One of the consumers’ main concerns when it comes to buying and using products is security. Product managers need a strategic approach to cybersecurity that secures both the organization and the consumer. So, how do product managers ensure security? This week, Product Talk host and PayPal Head of Cybersecurity, Dimitry Shvartsman, interviews Google Cloud Director of Product Tim Knudsen who shares insights on how Zero Trust Security helps protect your product.

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On Building Products at Scale

Scaling is about ensuring that your product is robust enough to survive and then thrive in the market. And the abilities to reach scale and operate at scale are extremely important. It is critical for product managers to understand what “demand at scale” will look like at every stage of the product. There are many things involved in scaling: the scaling of the technology, the fundamentals of getting it rolled out and being able to do a transformation scale, and being able to think in terms of how the product operates on a day-to-day basis. Google offers a number of different zero-trust solutions to scale. Here is what you need to know about scale: 

“There is scaling of the technology. But there are also the fundamentals of getting it rolled out and being able to do a transformation at scale. Where you have 10s of 1000s of end-users moving from an old way of doing their work, to a new way of doing work.”

“And then being able to think about that in terms of how it is going to be operated on a day-to-day basis. There can be any number of issues that an end-user might encounter because of the way that policies have been set up.”

“The ability to communicate, leveraging the outcoming, and getting people to understand what they need to contribute to do that are key elements I’ve found necessary to do it at scale.”


On How to Define Zero Trust

Zero trust means exactly what it implies – trust nobody. It is the practice of assuming that everyone and everything is a threat. The zero trust model states that every user and device attempting to access the network must be verified. Zero trust is a strategic approach that eliminates implicit trust and validates at every stage of the digital interaction. The principles of zero trust can be used to ensure security for your product. This is Tim’s definition of zero trust:

“It’s a set of principles that gets you to the outcome of being able to provide very restrictive, least-privileged access for an identity and a device. You can easily swap it out from device to device, machine to machine, or microservice to microservice.”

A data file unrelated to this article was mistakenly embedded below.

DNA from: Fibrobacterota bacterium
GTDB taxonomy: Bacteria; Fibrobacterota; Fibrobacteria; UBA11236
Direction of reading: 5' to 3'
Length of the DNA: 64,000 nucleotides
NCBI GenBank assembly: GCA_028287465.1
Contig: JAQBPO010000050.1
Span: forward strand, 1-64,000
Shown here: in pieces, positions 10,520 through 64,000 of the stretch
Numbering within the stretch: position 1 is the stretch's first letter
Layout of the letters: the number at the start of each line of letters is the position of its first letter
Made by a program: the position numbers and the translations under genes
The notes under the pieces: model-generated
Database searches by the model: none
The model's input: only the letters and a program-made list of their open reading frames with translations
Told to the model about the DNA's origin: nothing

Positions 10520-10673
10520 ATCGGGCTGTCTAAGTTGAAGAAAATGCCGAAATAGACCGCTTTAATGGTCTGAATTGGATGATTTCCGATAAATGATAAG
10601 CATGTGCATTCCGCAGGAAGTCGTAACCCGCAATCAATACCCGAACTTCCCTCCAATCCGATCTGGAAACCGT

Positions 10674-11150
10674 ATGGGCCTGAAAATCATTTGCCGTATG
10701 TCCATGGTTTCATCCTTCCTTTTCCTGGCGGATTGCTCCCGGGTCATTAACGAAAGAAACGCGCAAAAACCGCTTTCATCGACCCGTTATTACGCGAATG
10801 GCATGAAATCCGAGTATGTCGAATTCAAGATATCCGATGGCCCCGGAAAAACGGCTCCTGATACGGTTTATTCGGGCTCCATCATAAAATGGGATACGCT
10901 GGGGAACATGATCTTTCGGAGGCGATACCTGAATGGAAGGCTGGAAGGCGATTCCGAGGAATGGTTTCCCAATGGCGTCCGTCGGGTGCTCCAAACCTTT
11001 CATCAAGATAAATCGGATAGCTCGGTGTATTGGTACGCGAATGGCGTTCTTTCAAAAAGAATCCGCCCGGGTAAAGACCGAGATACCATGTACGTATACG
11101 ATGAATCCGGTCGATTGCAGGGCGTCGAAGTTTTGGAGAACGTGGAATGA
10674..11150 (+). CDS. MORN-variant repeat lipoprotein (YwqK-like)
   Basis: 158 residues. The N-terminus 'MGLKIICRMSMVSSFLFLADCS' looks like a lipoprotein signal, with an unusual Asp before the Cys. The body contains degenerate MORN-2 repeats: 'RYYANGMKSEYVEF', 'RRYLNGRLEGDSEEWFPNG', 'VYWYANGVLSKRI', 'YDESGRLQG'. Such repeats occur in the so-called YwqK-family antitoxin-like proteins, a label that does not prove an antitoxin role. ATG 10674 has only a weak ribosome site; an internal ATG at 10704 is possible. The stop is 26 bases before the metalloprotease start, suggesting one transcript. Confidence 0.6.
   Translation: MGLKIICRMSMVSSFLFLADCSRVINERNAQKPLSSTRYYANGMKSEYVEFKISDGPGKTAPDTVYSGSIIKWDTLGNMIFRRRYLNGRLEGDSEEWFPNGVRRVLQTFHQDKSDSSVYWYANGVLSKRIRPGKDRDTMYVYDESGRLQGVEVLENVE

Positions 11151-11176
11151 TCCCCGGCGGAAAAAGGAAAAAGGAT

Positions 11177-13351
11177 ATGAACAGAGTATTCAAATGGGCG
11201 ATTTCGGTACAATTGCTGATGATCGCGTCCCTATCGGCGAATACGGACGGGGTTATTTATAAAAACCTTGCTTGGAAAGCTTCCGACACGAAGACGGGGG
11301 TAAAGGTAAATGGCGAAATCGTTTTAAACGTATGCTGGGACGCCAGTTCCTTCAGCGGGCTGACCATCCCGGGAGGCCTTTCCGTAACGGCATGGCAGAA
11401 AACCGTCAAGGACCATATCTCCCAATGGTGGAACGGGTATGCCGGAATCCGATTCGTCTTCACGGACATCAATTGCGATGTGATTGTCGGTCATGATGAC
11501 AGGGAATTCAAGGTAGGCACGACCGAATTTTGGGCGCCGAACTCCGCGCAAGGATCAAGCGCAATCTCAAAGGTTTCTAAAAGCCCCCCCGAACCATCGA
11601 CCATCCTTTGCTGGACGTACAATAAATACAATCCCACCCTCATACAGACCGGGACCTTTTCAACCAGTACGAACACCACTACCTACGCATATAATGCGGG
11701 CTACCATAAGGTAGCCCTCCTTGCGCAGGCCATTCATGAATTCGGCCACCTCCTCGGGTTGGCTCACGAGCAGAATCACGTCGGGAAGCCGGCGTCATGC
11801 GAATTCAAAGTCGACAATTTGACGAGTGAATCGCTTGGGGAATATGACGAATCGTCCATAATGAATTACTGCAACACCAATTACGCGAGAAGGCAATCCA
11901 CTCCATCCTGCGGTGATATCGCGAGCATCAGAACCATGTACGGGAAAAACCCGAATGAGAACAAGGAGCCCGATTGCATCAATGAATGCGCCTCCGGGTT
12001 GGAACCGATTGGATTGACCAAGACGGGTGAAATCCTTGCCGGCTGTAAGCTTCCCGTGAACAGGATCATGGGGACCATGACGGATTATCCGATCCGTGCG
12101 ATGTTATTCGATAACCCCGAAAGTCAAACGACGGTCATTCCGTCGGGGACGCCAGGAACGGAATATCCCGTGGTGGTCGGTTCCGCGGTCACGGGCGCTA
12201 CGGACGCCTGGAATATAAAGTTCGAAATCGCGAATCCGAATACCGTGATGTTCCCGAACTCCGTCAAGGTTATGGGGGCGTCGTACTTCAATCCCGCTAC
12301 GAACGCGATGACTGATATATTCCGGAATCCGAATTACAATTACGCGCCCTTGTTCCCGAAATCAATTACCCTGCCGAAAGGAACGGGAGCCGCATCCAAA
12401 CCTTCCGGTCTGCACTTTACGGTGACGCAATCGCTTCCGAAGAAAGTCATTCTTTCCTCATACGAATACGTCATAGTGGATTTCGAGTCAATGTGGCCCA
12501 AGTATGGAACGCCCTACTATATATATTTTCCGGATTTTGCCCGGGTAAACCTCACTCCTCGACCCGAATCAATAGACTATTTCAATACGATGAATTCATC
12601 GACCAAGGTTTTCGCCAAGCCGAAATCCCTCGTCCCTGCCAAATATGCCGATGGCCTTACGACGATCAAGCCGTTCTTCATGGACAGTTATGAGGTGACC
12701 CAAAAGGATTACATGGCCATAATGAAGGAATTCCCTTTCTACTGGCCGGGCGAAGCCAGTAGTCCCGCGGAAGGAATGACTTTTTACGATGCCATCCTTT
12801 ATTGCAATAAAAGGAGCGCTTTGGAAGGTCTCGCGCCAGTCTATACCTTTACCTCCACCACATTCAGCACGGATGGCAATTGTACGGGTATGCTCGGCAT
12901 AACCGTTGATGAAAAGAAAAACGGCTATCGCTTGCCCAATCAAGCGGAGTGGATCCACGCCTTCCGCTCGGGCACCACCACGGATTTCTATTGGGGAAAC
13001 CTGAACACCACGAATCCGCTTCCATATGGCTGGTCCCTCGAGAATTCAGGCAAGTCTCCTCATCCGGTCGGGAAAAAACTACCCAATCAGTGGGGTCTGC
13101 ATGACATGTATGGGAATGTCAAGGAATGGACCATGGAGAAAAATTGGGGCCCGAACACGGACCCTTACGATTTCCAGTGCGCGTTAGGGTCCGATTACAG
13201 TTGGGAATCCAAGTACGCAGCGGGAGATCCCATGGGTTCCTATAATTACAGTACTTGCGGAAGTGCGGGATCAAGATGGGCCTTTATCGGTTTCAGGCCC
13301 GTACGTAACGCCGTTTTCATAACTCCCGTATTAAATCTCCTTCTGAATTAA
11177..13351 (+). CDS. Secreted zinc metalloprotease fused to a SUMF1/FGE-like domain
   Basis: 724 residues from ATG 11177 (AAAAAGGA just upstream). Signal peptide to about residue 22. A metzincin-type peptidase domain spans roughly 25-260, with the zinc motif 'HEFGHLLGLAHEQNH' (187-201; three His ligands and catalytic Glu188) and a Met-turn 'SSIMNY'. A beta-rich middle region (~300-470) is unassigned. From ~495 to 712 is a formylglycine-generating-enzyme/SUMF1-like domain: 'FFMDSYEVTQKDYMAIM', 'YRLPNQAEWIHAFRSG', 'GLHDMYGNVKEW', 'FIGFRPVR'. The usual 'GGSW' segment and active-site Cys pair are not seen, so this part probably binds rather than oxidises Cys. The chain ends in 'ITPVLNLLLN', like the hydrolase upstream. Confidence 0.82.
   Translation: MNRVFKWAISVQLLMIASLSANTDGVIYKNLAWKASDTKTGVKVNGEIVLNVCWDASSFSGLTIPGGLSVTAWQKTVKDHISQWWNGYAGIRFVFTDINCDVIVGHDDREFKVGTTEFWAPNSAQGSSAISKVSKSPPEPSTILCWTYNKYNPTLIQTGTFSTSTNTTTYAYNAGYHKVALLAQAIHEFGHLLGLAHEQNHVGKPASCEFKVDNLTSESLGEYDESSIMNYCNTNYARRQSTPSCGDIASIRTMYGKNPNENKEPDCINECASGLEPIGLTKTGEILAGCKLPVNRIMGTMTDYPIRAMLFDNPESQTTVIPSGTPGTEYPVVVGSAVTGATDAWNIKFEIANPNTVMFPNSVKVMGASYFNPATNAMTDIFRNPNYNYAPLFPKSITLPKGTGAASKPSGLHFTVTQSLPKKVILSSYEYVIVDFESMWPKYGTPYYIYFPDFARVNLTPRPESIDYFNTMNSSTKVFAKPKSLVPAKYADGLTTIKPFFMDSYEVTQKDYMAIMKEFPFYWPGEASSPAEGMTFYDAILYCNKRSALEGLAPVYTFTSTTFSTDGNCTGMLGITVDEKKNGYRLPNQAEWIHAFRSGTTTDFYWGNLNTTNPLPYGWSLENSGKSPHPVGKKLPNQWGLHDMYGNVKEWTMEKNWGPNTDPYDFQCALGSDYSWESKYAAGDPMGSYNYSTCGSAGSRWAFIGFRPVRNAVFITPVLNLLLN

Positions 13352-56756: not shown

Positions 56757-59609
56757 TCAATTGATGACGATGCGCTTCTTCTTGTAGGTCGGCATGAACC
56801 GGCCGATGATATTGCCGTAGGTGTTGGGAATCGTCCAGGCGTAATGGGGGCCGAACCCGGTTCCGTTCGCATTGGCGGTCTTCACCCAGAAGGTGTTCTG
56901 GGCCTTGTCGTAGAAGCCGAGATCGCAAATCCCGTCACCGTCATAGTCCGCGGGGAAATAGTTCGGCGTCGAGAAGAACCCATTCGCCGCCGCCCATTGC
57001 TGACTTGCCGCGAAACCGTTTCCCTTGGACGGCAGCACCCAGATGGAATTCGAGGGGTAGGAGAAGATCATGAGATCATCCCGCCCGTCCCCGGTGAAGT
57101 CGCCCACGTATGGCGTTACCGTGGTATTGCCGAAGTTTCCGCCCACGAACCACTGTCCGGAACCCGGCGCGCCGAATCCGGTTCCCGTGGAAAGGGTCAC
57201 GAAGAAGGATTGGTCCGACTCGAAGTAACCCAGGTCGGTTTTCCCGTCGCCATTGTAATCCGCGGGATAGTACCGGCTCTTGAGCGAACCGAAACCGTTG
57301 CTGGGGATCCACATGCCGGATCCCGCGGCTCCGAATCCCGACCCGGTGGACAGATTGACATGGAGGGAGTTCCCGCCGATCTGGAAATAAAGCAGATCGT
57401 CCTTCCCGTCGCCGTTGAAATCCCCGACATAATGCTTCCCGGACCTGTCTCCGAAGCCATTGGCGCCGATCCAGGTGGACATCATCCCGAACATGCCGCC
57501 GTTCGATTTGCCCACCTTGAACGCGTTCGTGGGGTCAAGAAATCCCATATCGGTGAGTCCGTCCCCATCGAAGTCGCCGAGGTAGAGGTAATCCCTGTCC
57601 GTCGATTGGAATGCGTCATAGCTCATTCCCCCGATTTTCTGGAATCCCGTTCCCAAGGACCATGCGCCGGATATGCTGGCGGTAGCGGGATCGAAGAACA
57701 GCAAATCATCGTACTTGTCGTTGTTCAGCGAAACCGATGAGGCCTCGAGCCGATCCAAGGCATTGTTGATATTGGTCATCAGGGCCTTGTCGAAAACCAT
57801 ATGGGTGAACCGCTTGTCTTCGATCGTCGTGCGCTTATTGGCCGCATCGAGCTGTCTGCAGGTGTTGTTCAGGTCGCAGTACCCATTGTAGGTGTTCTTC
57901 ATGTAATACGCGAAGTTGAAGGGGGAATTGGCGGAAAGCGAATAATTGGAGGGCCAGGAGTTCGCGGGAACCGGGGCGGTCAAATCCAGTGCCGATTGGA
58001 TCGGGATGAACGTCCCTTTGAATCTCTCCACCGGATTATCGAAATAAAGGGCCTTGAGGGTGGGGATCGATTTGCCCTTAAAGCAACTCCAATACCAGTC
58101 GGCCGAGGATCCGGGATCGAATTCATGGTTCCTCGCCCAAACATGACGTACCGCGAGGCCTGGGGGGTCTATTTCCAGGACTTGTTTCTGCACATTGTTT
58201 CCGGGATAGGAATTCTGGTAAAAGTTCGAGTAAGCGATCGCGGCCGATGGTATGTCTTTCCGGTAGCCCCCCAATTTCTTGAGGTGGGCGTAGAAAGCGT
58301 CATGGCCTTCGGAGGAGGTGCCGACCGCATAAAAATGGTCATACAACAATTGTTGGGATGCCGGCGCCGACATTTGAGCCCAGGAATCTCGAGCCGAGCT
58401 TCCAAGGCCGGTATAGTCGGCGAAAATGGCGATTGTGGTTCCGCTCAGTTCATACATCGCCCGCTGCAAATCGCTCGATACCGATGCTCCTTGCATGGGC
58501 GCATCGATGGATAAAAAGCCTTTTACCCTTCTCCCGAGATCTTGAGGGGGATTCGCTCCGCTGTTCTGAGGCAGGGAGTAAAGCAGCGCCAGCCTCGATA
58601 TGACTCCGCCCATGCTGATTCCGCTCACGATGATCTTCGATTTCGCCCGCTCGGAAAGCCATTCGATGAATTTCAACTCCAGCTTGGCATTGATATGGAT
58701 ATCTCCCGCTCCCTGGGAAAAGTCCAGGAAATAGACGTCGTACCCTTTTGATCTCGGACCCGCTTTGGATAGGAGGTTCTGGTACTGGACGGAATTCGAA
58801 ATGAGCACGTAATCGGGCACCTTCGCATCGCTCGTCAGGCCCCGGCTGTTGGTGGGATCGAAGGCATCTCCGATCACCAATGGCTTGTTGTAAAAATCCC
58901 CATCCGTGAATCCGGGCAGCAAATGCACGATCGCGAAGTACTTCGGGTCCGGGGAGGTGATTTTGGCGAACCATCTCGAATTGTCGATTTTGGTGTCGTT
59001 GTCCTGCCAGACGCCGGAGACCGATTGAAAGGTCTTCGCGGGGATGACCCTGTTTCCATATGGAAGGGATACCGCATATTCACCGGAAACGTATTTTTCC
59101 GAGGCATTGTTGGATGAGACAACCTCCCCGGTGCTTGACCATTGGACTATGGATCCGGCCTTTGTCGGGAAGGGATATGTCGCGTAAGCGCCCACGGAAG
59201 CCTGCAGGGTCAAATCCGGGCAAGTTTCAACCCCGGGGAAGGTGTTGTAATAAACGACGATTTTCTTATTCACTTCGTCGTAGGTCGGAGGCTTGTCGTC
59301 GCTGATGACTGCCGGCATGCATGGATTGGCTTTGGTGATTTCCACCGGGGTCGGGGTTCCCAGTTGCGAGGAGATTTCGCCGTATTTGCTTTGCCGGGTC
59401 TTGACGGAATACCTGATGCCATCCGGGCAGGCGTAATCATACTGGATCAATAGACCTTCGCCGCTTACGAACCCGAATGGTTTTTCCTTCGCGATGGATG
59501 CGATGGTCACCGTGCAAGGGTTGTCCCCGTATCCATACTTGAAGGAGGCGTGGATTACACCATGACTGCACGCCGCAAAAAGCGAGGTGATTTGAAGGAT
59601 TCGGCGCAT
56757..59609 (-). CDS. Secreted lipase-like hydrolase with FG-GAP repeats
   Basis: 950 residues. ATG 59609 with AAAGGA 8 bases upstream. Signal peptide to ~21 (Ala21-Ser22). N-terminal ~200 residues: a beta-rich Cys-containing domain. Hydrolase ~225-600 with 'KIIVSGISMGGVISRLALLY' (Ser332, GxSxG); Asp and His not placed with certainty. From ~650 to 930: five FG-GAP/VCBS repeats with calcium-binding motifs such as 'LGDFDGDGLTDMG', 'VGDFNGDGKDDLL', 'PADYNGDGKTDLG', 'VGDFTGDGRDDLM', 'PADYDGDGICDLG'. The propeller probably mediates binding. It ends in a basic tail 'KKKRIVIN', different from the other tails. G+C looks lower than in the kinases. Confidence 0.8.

“It’s default-deny, authorize only on a least-privilege basis using a set of contextual attributes. It can be user identity, machine identity, geolocation, etc.” 

“Zero trust is the driver behind what your architecture needs to look like because your architecture needs to enable that. There are a bunch of products called zero-trust. But you can’t have a zero-trust product, you have a product that enables a zero-trust architecture to achieve the principles.”


On How to Create Balance Between Communication and Zero Trust Security

Zero Trust ensures the privacy of the organization and the end-user. And it’s important to know exactly what that protection looks like. There has to be clear communication about the user, the device, the resource route, and the restrictions. Zero trust policies can be complex, and there can be a number of complications related to making zero trust work in the customer’s existing environment. Remember the following things when setting up zero trust security:

“It’s important to ground the conversation and use cases. Starting with, who’s the user? What’s the device? What’s the resource route they want to access? And how do you want to restrict them?” 

“This is not one where you can leave it at a high level because zero trust is complicated in terms of the policies you’re talking about. And oftentimes [there] can be a number of complications related to making it work within the customer’s existing environment.” 

“Being able to move from use case down to the depth of what that means to actually implement it at a flow level, at a policy level, at a rollout level is another critical factor.”    


On How to Account for the Complexities of Zero Trust

Product development is complicated as is, but when you loop in cybersecurity, the complexities can become overwhelming. And consumer needs are always evolving. So, it is important to make sure that you have roadmaps and strategies that take into account those incidents and complexities. Sometimes, the best way to prevent a disaster is to prepare for it. Try out Tim’s method for preparing for the complexities of zero trust:

“This is going to be constantly evolving. So you need to make sure everything you do is extensible for what you may need to accommodate for in the future.”

“I have found it to be very useful to go through your own internal, and go through threat profiling exercises and model out the threats. So, this will help you determine where you have strengths and where you have weaknesses. And you can correlate that against what the markets really looking for in terms of depths.”

“You already have that corpus of work done to explain why the product was built the way it was and how it’s designed to defend against that class of threats. So it becomes both beneficial on the inbound side and on the outbound side.”

About the speaker
Tim Knudsen Google Cloud, Director of Product Management Member
About the host
Dimitry Shvartsman PayPal, Head of Cybersecurity Platform & Product Management
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